The genomic load of SARS-CoV-2 should be examined as a predictor of adverse outcomes for patients admitted to the hospital with COVID-19 pneumonia, according to a new study published October 29 in the Annals of the American Thoracic Society. Among patients with a severe clinical presentation, those with a high SARS-CoV-2 viral load were almost twice as likely to be intubated or die, researchers found.
The team led by Dr. Ioannis Zacharioudakis from the New York University (NYU) Grossman School of Medicine looked at the medical records of 314 COVID-19-positive patients who came to the NYU Langone Health emergency room between March 31 and April 10. The patients also had viral pneumonia serious enough to require hospitalization.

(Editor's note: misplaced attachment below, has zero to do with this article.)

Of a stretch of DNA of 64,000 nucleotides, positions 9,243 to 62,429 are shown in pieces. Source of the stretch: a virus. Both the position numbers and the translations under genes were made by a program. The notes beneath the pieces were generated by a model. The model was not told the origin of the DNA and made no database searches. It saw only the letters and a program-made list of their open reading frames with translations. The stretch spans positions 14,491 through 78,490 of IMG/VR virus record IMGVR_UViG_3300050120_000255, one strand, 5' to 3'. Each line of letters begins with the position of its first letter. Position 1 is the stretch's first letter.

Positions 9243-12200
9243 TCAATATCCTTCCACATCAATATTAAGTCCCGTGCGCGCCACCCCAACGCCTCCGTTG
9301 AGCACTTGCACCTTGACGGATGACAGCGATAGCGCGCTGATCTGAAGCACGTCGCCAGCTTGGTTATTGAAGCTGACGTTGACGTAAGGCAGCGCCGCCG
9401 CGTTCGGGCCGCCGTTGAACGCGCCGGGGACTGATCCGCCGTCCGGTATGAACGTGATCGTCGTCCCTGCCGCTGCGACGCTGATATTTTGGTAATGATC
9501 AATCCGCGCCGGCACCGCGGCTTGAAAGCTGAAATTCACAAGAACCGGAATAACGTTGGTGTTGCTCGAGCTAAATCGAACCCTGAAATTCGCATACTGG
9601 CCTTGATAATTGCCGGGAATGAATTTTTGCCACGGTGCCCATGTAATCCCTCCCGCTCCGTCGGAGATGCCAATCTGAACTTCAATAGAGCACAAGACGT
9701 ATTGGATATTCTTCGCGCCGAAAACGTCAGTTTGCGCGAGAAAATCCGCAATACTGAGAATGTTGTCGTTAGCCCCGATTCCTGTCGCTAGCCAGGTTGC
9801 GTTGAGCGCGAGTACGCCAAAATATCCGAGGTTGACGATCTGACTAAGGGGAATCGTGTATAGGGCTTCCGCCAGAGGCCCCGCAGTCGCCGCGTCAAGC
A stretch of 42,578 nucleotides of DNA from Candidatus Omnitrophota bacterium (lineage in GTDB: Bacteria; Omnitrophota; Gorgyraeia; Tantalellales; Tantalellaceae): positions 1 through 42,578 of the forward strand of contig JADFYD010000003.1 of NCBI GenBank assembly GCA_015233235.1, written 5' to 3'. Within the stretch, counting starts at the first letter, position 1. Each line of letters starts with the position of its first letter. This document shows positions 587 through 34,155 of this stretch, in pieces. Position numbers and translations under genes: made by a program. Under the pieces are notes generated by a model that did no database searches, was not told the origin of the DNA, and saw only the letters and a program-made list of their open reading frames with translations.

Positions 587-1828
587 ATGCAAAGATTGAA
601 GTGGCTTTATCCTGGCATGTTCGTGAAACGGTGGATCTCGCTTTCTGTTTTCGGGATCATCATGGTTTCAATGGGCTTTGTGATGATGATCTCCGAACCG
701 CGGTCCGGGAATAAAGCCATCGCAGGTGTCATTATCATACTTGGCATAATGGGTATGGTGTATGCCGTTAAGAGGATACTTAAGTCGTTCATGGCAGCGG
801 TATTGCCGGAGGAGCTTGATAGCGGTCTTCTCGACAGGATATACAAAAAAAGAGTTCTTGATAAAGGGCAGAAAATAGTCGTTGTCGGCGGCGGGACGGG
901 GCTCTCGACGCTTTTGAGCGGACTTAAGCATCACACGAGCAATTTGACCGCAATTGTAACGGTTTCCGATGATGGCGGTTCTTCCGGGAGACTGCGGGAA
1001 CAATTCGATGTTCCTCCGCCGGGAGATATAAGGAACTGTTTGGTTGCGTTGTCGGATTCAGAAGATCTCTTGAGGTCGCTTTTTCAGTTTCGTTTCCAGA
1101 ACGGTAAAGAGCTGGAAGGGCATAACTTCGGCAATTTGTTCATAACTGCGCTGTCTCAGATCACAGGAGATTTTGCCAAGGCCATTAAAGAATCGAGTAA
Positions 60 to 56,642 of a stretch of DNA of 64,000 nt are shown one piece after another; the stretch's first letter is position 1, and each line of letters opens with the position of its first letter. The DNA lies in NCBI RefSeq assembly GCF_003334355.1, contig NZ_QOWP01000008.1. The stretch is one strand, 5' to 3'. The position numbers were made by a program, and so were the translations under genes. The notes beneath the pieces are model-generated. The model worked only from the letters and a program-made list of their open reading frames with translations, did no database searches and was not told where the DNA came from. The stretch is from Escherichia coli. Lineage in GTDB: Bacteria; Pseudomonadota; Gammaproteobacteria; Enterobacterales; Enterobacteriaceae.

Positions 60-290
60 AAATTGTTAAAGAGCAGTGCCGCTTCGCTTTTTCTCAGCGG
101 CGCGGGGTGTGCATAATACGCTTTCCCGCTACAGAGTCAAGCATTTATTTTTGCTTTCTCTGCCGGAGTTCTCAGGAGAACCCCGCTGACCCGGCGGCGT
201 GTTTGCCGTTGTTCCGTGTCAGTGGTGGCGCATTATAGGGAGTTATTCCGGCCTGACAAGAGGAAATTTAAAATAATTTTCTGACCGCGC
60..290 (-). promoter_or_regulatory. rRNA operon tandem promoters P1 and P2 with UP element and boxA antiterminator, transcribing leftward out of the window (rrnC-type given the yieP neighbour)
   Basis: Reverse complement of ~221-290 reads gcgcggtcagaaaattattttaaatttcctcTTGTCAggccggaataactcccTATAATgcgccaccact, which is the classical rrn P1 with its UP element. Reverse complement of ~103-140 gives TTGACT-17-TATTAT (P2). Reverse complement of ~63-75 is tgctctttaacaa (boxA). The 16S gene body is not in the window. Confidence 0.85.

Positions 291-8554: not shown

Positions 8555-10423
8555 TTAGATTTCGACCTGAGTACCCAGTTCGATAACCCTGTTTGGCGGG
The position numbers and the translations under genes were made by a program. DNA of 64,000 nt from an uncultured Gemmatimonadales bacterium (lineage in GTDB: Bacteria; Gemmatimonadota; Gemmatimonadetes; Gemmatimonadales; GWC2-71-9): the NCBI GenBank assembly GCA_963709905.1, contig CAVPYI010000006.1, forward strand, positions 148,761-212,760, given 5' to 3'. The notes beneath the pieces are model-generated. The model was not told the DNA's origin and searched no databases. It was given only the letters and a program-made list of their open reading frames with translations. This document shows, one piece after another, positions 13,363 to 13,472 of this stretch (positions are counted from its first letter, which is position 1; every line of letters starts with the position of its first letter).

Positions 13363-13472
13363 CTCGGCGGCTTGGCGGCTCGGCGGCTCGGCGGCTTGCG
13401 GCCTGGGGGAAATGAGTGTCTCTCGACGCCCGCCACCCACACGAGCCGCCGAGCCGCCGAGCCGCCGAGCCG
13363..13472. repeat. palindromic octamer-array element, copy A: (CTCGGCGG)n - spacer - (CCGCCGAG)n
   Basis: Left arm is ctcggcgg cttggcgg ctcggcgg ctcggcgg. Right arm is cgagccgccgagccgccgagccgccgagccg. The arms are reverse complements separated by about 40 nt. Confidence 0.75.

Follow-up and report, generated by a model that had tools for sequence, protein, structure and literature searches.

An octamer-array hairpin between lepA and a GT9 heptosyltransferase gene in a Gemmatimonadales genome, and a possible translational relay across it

Of the 314 patients, 107 (34.1%) were categorized into the low SARS-CoV-2 genomic load category, 103 (32.8%) into the intermediate category, and 104 (33.1%) into the high category. Compared with low-genomic-load patients, patients with a high genomic load had a significantly higher unadjusted risk of death (p < 0.001) and reaching the composite outcome of death, intubation, or extracorporeal membrane oxygenation (p = 0.004).
"High viral load was shown to be a predictor of poor outcomes above and beyond age, other medical problems, and severity of illness on presentation, indicating that it can be used to risk-stratify, or triage, patients," said Zacharioudakis, an infectious disease specialist at NYU, in a statement.